Review: Belle Chasse
I’m not sure if DJ can handle much more of this. I’m not sure I can handle much more of this. Seriously this woman needs to get her life back in order. Too bad it’s her sense of loyalty to her friends that her boss can’t seem to appreciate. Fortunately, she’s chosen well in her friends, because they may be all she has between her and those trying to kill her.
DJ has found herself on the run after the events of PIRATE’S ALLEY, her own wizard First Elder has determined her a criminal for simply wanting to protect her best friend, Eugeine. Fortunately her friend, the undead pirate Jean Lafitte, is harboring the fugitive and Eugeine at his home in Old Barataria. The result is a lot of sneaking around if DJ wants to figure out how to solve her current problem.
Now DJ must try to smooth things over with the new First Elder Zrakovi, help Eugenie’s pregnancy, deal with a controlling elven bond-mate Rand, and somehow find a way to connect with the man she loves, Alex. Unfortunately, nothing goes to plan, because DJ’s straightforward solutions to her problems often end her in deeper waters.
You can’t help but love DJ. She just wants to do the right thing, and can’t understand why her own boss would give her orders to hurt someone she loves–and then sentence her to prison for not following orders, a prison that would effectively kill her. Her loyalty is endearing. I enjoy seeing her friends through her eyes: the reliable Rene, the saucy and scheming Jean, the sweet Eugenie, and the kind and good Jake. She loves her friends. Alex doesn’t make much of an appearance in BELLE CHASSE, but the deeper relationship DJ develops with her friends seems to be worth it. And, it seems, that this time around her own family will come through for her as we meet new character, cousin Audrey. Even her enemies are given the benefit of the doubt, at least until they can truly prove themselves her enemy–but her hesitance will cost her dearly.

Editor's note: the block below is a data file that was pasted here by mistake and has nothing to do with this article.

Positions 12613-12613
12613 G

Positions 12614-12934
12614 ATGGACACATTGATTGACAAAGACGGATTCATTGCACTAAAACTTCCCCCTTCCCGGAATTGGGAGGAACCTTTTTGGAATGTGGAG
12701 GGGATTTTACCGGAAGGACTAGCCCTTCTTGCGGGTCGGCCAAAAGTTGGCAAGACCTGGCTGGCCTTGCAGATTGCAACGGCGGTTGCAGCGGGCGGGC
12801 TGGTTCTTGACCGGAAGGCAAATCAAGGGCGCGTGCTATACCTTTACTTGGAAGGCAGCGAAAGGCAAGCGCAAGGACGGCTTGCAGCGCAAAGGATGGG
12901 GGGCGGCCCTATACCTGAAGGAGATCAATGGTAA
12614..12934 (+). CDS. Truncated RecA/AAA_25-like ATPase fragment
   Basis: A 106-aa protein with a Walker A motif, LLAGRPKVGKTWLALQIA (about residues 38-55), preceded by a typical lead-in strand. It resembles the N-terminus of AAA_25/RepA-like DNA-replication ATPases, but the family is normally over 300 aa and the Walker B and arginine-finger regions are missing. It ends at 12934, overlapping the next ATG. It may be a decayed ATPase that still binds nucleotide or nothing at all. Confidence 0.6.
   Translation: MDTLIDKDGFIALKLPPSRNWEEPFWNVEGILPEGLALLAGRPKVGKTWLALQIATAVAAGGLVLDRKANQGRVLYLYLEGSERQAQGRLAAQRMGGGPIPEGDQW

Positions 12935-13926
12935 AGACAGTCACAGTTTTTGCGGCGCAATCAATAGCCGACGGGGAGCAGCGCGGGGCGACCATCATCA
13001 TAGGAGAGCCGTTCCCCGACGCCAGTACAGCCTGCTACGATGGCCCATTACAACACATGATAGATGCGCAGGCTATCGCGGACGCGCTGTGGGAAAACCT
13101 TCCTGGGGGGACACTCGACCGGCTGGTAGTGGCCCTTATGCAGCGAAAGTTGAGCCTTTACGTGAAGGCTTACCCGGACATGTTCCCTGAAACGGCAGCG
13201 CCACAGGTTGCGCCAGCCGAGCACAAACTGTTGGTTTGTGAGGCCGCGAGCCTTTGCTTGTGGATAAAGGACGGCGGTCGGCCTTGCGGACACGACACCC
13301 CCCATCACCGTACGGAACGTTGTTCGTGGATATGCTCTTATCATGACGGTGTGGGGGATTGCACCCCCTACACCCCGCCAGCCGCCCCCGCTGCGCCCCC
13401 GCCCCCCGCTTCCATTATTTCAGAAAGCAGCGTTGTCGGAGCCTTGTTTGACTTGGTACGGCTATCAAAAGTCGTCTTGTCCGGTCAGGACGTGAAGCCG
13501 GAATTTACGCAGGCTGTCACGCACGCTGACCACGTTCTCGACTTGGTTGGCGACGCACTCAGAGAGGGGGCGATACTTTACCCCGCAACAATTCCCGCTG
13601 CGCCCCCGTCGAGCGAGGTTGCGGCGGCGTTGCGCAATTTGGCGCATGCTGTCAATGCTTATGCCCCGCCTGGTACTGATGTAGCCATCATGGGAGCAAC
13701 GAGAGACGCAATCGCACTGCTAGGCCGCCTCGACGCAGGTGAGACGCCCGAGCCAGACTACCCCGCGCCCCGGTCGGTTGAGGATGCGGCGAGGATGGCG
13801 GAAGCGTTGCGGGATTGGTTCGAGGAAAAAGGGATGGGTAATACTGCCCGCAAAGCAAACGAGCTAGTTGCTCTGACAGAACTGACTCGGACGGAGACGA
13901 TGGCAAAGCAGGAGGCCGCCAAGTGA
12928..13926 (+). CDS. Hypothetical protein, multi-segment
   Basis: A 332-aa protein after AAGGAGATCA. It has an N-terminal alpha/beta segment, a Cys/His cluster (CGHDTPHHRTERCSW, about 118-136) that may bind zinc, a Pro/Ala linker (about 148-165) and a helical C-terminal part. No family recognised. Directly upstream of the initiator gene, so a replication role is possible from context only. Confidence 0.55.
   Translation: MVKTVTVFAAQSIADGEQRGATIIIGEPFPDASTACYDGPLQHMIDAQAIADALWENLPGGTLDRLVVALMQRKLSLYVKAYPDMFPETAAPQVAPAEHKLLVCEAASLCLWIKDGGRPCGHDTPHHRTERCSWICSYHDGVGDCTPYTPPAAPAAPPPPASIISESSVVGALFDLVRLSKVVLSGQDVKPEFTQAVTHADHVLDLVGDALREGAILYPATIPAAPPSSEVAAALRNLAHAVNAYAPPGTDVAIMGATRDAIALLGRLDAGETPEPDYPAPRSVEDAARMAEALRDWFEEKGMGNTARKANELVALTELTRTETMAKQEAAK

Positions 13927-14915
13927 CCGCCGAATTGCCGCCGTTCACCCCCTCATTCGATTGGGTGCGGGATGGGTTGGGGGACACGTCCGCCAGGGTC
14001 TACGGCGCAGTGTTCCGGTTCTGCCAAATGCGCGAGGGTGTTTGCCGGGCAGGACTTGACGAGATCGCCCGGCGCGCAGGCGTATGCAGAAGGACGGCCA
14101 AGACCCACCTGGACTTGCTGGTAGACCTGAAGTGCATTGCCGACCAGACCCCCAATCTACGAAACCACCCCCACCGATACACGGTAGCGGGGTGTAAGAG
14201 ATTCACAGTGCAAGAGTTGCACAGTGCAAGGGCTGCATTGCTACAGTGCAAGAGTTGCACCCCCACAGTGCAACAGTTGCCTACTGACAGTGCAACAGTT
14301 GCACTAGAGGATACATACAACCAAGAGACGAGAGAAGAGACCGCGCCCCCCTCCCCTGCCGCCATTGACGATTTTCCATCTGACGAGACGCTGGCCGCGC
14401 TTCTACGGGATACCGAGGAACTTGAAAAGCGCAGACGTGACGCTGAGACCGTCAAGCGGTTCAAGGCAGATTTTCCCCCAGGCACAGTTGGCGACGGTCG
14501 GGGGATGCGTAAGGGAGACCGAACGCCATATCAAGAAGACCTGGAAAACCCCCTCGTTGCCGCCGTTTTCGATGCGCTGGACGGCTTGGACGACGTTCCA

Johnson continues to give us the setting details we enjoyed in the first books, along with the local color, weather, and landmarks of New Orleans. While DJ spends much of her time on in the historic-undead city of Old Orleans and specifically Jean’s mansion, Johnson uses the local flavor to good effect. We see a second-line parade that benefits DJ, the warehouses of mardi gras floats, and a hurricane, among others. We’re also treated to more details on the wizard magic and how it’s lost when turned vampire, a faery prince who uses computers to make his winter magic, and the convenience and inconveniences of portals. DJ’s resources are limited, but she uses what she has to great effect, and the thwarting of her overbearing boss.
BELLE CHASSE is a fun book, the prose is great and the pacing consistent; but the only real pitfall is that it’s a transitional story, where sure the stake are high, but not much is truly resolved. DJ does a bunch of running around and putting out fires, trying to get control of the situation, but still plenty of bad things happen. Johnson does her best to make Zrakovi a credible villain, but we see so little of him and most commentary comes from DJ’s thought process that it’s hard to feel like we really understand his motivations. These problems don’t weigh down the story, however, because we’re most interested in how DJ works to overcome her problems.
Fortunately, BELLE CHASSE is not the last book in the series, and all it’s done is built up readers for what comes next. I can’t wait.
- Recommended Age: 15+
- Language: A smattering
- Violence: While not particularly bloody, there is peril and death
- Sex: Yes, but without detail